A man named Mr. Boren has discovered that he was a descendant of a man who was good friends with Chief Wakara, who happened to be the Chief of the Northern Ute’s/Aztecs during the crucial time that the Pioneers first inhabited Salt Lake. Journals of his great grandfather (Bro. Isaac Morley) were given to him, although he does not say by whom, and found out that this descendant was the company leader of a team heading south to settle in the San Pete valley. His journals described the relationships between the Indians and the Pioneers, but mainly reflects his friendship between himself and Chief Wakara as they became very close. Their friendship would prove valuable in later years. Chief Wakara would eventually demand that he take Bro. Morley to Carre-Shinob and “The Sacred Mine.” Carre-Shinob, to the Ute Indians, is a sacred place that supposedly was built by the ancestors and holds millions of dollars in gold. The Sacred Mine on the other hand, is just one of the extensive caves that contain stashed, already refined gold. Chief Wakara admitted to Bro. Morley that he had received a vision from “Towats”, (the Lord,) that he should give the gold to the “tall hat’s” when they arrived. That spring, with Brigham Young’s permission, the Chief lead Bro. Morley to the sacred mines where bro. Morley collected about 58 pounds of refined gold and eventually sent it to B.Y. in Salt Lake City. The Church used it to decorate the temple and for funds to construct new highways from Salt Lake southward. Young decided to test out the new roads and made a trip south to the newly established colony in the San Pete valley. (During his stay, Young named the city “Manti” at Morley’s’ request.) Here he met with Bro. Morley and the Chief to discuss the possibility of bringing more gold down from the Uinta mountains. Young explained that the gold would be used for a sacred purpose of which “Towats” would be pleased, for the adornment of the temple, in his honor, and to make a statue which would stand atop the Temple of Towats in Salt Lake City. Chief Wakara happily agreed but told them that only one man was to know where the mine was and that the man that knew had to be equally trusted by both parties. The Chief quickly nominated Bro. Morley as his candidate and Young agreed, but soon there after Morley stated that he was too old to make any more trips. So during the next few years the search was on for a new man to make the, almost yearly trip. The problem was, was that by mid January of 1851, the church was running low on money again. Gov. Young had no choice but to ask Bro. Morley if he would make one last run, but he denied the request. Finally after almost begging on Young’s part, Bro. Morley left for one last trek to the caves.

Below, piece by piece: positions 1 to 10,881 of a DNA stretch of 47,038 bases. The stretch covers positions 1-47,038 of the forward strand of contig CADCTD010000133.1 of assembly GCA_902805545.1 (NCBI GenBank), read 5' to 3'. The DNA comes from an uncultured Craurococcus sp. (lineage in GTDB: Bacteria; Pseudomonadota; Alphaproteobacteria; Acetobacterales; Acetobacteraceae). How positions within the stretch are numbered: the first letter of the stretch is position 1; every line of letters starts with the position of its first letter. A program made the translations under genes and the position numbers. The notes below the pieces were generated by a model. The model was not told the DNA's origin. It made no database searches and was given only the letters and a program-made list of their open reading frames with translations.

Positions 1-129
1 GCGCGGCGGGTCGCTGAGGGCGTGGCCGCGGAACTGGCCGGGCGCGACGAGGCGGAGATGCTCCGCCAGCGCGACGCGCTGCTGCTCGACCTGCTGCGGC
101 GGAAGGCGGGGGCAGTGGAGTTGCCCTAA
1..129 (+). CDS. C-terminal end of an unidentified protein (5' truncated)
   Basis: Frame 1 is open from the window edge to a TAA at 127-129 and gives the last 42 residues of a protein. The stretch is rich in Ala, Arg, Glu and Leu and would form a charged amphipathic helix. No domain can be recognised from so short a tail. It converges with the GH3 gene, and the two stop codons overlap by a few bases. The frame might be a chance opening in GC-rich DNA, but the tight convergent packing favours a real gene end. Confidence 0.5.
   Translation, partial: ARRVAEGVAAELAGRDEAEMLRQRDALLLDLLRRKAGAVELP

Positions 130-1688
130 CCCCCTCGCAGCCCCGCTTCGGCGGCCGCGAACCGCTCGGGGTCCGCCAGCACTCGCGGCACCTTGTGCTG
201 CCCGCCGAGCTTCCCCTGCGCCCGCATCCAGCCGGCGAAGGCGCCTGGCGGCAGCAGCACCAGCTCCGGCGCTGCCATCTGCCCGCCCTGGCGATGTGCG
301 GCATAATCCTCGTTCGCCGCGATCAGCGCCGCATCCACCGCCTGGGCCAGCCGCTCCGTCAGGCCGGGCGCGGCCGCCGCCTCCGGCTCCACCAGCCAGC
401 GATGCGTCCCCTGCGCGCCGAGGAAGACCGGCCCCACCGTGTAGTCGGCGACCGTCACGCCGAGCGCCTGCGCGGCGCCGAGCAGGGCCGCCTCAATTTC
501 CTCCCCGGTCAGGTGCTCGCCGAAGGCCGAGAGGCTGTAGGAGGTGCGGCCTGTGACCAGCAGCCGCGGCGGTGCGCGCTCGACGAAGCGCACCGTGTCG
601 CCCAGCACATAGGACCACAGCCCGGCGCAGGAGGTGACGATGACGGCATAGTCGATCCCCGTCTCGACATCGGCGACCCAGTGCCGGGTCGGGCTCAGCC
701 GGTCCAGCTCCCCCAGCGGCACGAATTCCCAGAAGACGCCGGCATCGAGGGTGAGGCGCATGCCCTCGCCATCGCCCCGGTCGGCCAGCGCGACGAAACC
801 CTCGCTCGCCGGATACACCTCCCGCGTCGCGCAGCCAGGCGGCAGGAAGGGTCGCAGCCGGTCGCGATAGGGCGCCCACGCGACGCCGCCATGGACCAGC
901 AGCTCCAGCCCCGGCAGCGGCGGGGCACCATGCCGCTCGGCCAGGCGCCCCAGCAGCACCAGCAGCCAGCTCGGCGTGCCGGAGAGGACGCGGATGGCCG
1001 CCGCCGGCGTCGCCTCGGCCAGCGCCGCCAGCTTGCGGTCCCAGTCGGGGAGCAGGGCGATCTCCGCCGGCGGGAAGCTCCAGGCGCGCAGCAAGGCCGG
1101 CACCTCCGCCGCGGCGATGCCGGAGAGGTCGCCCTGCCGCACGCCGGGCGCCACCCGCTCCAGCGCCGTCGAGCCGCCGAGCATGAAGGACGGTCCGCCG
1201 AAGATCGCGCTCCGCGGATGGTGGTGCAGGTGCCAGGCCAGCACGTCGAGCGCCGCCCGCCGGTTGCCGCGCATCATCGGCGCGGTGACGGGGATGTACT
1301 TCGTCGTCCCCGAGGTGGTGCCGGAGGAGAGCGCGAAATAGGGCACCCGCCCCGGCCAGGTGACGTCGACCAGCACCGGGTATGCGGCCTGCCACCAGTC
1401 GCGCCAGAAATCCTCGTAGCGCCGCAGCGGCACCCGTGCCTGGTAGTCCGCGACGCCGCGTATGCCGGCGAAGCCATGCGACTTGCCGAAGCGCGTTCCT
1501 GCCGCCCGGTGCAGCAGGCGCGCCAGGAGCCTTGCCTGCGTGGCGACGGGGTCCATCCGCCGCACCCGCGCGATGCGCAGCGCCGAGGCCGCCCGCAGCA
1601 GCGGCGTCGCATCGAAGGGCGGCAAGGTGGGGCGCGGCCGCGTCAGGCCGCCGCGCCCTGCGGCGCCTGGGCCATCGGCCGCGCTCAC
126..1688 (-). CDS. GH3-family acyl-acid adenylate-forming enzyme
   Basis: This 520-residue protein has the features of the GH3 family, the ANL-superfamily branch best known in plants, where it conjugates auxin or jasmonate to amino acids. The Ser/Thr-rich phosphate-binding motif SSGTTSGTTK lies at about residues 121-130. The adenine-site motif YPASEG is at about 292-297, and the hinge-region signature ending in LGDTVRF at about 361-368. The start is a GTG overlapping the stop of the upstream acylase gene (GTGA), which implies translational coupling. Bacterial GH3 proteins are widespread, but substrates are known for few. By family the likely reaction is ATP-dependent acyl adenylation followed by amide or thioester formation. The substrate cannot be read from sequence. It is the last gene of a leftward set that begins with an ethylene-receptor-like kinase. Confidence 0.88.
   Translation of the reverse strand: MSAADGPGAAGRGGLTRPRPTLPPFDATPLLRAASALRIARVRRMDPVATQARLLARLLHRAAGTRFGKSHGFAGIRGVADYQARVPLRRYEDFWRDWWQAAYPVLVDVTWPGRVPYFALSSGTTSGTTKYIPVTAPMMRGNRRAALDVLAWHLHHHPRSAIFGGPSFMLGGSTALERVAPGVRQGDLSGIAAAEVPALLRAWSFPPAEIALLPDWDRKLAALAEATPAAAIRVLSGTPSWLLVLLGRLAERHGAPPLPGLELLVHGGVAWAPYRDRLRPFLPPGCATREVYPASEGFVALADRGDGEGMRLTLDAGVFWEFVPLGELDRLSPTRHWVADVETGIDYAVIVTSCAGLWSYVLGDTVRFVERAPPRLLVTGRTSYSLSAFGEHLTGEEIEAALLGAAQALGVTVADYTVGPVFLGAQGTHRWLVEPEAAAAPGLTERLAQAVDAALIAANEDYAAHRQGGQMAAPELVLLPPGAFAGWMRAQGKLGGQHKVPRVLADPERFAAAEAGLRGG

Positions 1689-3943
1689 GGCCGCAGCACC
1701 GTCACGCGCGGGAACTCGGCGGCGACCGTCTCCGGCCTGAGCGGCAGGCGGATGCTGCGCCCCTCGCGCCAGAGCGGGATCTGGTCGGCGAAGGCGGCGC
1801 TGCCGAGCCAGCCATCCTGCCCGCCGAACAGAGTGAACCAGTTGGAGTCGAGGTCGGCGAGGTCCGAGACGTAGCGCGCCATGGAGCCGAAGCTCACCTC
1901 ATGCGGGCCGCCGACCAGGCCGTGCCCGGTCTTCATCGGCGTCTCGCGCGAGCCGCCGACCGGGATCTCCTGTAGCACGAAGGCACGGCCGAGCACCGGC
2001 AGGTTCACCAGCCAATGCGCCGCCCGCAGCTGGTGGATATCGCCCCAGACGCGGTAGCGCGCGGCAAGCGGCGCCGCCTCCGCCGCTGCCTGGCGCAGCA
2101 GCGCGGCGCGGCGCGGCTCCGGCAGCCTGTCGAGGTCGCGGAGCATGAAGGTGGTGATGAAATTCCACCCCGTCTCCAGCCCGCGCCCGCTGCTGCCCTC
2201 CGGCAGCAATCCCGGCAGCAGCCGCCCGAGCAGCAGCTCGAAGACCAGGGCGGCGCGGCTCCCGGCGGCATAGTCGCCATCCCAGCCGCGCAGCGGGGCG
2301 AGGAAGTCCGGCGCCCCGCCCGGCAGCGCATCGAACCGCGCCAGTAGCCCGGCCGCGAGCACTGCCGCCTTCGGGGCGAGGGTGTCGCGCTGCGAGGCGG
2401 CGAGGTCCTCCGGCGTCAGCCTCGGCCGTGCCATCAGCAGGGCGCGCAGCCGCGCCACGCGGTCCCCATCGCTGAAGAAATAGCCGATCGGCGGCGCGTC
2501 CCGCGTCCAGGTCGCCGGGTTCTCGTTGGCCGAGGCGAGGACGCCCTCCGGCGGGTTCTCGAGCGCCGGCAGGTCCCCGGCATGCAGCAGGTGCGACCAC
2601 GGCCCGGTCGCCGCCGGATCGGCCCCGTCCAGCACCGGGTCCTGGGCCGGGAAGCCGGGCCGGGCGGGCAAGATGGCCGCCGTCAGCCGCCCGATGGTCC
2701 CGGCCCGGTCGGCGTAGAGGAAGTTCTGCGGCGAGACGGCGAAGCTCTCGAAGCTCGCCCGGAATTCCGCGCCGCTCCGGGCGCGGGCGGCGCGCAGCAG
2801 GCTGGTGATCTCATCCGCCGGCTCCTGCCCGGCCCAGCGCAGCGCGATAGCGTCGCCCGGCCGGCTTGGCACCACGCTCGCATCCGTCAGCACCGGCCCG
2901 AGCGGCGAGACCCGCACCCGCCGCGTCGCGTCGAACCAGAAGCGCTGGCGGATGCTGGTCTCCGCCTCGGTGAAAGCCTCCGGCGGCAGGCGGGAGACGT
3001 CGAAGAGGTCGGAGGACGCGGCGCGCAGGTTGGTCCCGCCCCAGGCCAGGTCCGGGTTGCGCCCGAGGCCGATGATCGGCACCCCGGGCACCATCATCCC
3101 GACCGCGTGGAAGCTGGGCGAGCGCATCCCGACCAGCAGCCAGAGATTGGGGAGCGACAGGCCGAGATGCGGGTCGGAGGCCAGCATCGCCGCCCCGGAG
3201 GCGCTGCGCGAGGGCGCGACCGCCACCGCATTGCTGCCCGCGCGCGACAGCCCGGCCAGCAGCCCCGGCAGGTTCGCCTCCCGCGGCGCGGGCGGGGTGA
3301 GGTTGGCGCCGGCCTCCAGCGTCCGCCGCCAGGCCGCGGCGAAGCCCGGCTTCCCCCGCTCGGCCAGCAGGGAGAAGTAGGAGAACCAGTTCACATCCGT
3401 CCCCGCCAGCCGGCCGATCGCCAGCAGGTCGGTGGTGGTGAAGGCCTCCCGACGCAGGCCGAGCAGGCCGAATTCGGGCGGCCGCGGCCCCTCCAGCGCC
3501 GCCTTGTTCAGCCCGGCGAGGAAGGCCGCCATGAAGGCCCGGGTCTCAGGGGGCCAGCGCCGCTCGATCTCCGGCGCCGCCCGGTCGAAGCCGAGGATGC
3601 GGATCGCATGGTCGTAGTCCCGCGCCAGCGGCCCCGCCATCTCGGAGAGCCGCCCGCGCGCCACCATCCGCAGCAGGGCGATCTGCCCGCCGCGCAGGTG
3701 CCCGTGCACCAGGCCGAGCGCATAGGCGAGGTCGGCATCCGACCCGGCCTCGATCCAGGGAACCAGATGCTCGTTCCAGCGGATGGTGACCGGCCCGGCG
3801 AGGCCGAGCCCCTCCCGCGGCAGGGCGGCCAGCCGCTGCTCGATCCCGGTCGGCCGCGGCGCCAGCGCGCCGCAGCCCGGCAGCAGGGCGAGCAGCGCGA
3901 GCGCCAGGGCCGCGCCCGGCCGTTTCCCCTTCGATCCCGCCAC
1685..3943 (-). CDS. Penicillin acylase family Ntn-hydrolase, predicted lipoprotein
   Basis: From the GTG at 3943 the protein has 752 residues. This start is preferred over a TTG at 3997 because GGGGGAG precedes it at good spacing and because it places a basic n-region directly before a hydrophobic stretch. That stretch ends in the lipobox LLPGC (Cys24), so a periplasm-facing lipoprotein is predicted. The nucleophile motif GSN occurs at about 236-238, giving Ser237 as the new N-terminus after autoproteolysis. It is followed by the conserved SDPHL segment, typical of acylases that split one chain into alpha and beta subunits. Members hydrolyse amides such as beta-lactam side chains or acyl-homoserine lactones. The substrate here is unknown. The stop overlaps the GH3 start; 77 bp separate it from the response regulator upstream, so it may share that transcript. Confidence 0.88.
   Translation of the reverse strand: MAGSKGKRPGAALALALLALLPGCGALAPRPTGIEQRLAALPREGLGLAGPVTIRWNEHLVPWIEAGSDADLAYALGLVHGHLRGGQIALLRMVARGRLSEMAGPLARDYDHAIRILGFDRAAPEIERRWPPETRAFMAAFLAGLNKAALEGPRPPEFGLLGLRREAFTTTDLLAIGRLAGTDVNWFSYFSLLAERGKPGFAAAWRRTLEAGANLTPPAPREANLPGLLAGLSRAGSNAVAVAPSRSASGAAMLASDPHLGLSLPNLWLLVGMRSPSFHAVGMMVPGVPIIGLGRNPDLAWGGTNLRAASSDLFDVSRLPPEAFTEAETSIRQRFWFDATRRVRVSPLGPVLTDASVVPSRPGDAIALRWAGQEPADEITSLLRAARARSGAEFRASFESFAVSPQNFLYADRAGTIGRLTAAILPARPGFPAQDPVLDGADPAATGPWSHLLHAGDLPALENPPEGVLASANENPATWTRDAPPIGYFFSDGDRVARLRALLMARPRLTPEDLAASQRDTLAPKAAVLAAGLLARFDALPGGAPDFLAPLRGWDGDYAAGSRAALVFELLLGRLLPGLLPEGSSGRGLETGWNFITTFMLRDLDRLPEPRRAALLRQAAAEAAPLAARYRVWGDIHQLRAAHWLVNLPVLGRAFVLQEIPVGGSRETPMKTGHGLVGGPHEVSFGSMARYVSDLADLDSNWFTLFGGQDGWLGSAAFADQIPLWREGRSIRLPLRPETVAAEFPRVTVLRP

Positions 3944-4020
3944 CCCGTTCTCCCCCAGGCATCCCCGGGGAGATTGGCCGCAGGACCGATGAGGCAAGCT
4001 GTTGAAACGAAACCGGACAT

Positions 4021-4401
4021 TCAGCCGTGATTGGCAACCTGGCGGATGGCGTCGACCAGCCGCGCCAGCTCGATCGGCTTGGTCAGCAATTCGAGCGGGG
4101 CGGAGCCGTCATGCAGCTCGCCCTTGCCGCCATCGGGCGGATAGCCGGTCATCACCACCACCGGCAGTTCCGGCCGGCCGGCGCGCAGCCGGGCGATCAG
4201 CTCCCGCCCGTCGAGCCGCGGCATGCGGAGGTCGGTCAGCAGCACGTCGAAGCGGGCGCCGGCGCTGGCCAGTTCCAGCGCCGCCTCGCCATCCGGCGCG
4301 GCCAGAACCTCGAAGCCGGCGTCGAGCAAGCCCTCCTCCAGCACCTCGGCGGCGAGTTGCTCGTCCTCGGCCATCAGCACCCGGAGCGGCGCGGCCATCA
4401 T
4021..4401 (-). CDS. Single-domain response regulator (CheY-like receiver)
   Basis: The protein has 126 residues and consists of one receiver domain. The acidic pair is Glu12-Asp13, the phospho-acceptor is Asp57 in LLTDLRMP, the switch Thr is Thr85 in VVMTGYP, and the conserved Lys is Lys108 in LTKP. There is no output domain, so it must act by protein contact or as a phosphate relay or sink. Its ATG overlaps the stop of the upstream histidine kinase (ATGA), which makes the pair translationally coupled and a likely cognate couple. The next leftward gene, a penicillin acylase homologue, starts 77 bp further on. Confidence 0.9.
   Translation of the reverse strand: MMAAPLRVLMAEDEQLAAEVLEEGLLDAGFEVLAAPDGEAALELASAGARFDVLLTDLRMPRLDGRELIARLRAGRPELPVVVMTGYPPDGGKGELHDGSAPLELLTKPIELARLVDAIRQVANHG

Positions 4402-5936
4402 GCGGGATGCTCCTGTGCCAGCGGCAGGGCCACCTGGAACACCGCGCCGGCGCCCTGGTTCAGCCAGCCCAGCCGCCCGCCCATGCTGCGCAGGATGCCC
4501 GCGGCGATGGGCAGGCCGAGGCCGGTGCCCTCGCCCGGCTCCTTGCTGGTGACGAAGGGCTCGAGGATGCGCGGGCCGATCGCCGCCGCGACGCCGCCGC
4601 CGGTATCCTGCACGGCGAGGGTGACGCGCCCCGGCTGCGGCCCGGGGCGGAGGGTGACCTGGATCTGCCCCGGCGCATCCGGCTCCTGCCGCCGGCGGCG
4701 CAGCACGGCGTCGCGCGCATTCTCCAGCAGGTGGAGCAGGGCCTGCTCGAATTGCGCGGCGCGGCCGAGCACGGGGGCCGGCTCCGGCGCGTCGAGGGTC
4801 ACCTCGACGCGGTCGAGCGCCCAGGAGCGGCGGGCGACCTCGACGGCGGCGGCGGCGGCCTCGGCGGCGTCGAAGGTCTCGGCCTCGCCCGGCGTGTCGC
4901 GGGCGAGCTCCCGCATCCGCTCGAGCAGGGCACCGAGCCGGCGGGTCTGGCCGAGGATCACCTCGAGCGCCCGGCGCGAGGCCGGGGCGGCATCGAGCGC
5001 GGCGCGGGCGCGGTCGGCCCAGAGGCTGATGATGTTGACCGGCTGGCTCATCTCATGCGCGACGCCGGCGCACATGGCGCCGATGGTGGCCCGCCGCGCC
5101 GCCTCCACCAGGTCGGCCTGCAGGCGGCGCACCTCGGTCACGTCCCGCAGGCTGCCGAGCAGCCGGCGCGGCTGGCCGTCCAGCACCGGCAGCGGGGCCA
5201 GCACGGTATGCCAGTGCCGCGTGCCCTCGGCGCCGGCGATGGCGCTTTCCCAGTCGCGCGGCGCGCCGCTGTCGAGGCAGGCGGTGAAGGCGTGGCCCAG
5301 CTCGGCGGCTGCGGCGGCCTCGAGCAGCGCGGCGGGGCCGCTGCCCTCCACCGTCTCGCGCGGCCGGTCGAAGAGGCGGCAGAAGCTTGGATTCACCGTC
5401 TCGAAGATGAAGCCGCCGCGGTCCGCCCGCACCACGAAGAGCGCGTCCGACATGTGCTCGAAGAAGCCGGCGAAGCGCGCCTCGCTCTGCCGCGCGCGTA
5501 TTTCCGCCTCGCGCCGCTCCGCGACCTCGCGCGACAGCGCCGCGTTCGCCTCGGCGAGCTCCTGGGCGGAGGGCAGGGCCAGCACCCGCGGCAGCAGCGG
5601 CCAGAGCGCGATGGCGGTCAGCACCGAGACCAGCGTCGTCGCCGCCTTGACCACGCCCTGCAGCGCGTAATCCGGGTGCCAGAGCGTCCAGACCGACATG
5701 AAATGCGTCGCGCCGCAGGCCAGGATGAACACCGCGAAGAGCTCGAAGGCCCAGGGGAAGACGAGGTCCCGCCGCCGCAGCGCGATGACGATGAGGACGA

In May of 1852 Young had chosen a new man to bring the gold from the sacred mine. His name was Thomas Rhoades. He took Rhoades to Manti to meet Morley and the Chief. Moreover, Young wanted the Chiefs approval on Rhoades being the new person for the gold extractions. Wakara tentatively agreed, but wanted Young to act as a mediator to bring peace between the Ute’s and the warring Shoshone Indians. Brigham also wanted further assurances that the Chief was not going to change his mind once the agreement was made and had the Chief swear on a Book of Mormon. Gov. Young held a meeting for the two tribe leaders and eventually got them to pass the peace pipe. Rhoades was subsequently sent for more gold and returned with 62 pounds of “pure gold.”